Looks like a buying opportunity in BBBY

My Mom asked me about Bed Bath and Beyond recently. She used to be a store manager there. She sold her stock a while ago (missed that big up swing) but thinks there may be a buying opportunity now. I also owned some way back and sold after a small gain, missing most of the big 2-3 year rally here.
Anyway, here is my analysis and response to her. (The spreadsheet I refer to is one based on Phil Town’s Payback Time book you should be able to find on his …

Would I Buy Netflix in the $50s?

Netflix lowered their subscriber numbers for the year last night, leading to a big 14% drop in the stock price today (so far). Fellow InvestorGeek Chris texted me asking if I’d be buying Netflix in the 50s.
I personally won’t be buying any $NFLX stock today, but only because I already own a lot of Netflix stock int he $60s. I have too much tied up in $NFLX already to add to my position. Though I may buy in more later this year, early next, as I fund my account and if …

Mistake #2: Playing Designer

Unless your business is website design or something else in the arts, you don’t need a beautiful website. A nice looking website is a bonus, but make sure you’re working towards a functioning website instead of something that will look great printed out and framed on your wall.

Oftentimes when going over design mockups or newly updated websites, you’ll find yourself leaning back in your chair and staring at your homepage for a minute or two taking it all in.

Stop it! No one browses the web this way.

If you think of your website as a work of art, you surely will find little things here and there that might be smaller or larger or a little bit to the right. Resist the urge to do this.

If you know the primary goal of your website (see post #1), make sure the design focuses on that goal. Focus your design feedback on how well the design enables sales, mailing list sign ups, contact requests, etc.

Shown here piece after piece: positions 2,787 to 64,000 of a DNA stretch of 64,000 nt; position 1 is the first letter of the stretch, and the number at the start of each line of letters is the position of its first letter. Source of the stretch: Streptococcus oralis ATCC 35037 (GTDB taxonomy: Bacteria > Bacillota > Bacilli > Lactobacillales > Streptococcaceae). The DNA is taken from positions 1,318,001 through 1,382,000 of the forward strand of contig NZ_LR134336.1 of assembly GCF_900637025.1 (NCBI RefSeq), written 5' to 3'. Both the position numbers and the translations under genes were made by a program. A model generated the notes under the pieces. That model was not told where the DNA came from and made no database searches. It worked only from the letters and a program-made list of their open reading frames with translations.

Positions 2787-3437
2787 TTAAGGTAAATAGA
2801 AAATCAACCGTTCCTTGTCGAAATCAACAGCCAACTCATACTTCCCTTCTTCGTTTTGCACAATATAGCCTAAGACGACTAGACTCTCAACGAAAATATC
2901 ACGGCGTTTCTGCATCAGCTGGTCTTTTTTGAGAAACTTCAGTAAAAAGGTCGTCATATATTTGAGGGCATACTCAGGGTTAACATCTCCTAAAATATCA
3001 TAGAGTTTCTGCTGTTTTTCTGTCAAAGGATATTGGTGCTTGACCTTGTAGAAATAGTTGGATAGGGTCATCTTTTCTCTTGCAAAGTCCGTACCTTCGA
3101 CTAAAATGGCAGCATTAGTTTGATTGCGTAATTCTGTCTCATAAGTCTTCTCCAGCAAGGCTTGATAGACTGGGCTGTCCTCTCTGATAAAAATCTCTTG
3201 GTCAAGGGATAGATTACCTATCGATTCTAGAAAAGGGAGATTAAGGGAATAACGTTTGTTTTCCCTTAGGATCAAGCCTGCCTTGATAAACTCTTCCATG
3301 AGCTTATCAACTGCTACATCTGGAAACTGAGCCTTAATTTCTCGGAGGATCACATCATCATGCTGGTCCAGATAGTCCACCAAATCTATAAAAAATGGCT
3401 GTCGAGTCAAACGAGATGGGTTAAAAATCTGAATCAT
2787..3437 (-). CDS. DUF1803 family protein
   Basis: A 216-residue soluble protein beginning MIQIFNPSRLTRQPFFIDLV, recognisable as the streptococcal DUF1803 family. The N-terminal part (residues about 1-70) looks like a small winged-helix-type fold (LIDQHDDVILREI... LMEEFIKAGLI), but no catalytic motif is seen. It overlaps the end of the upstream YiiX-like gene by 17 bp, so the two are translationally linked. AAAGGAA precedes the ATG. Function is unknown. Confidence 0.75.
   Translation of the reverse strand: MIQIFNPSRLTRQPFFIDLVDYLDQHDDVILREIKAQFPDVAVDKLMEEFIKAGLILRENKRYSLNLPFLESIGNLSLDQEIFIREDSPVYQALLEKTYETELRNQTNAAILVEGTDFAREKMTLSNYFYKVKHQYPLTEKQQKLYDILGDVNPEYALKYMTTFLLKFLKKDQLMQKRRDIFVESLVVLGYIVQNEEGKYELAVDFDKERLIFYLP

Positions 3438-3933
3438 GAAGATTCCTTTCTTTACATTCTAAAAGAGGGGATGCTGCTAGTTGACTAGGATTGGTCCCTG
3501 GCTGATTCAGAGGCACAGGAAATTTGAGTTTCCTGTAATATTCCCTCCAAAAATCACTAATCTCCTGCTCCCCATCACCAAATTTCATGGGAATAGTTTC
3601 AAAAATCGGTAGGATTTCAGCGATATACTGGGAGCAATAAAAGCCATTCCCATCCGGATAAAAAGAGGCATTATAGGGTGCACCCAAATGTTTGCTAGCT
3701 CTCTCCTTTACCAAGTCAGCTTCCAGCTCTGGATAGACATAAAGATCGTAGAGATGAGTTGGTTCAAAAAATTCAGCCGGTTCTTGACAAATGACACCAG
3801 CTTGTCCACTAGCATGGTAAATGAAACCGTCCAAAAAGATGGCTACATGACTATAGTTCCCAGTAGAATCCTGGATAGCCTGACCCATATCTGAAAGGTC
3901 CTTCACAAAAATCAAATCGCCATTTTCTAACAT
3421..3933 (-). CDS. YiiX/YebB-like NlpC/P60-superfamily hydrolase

As for website design, hire an experienced web designer at a decent rate and trust their instincts for what looks good.

If you hassle your designer with a lot of feedback on what “looks good”, they are going to shut down and move into “code monkey” mode where they just code up whatever requests you have. Unless you are paying bottom dollar (in which case you get what you pay for) you are wasting money by paying designer rates for code monkey work.

More importantly, micro managing a code monkey will not get you as good of a website as one where you control the vision via a strong primary goal, and an experienced designer controls the particulars of the site’s look and feel.

View all posts in this series here.

Mistake #1: Lack of Goals

One of the biggest mistakes made by website owners is to have a website that is totally detached from any business activity.

Maybe your website is beautiful. Maybe it has tons of information about your business. But what is the goal of your website?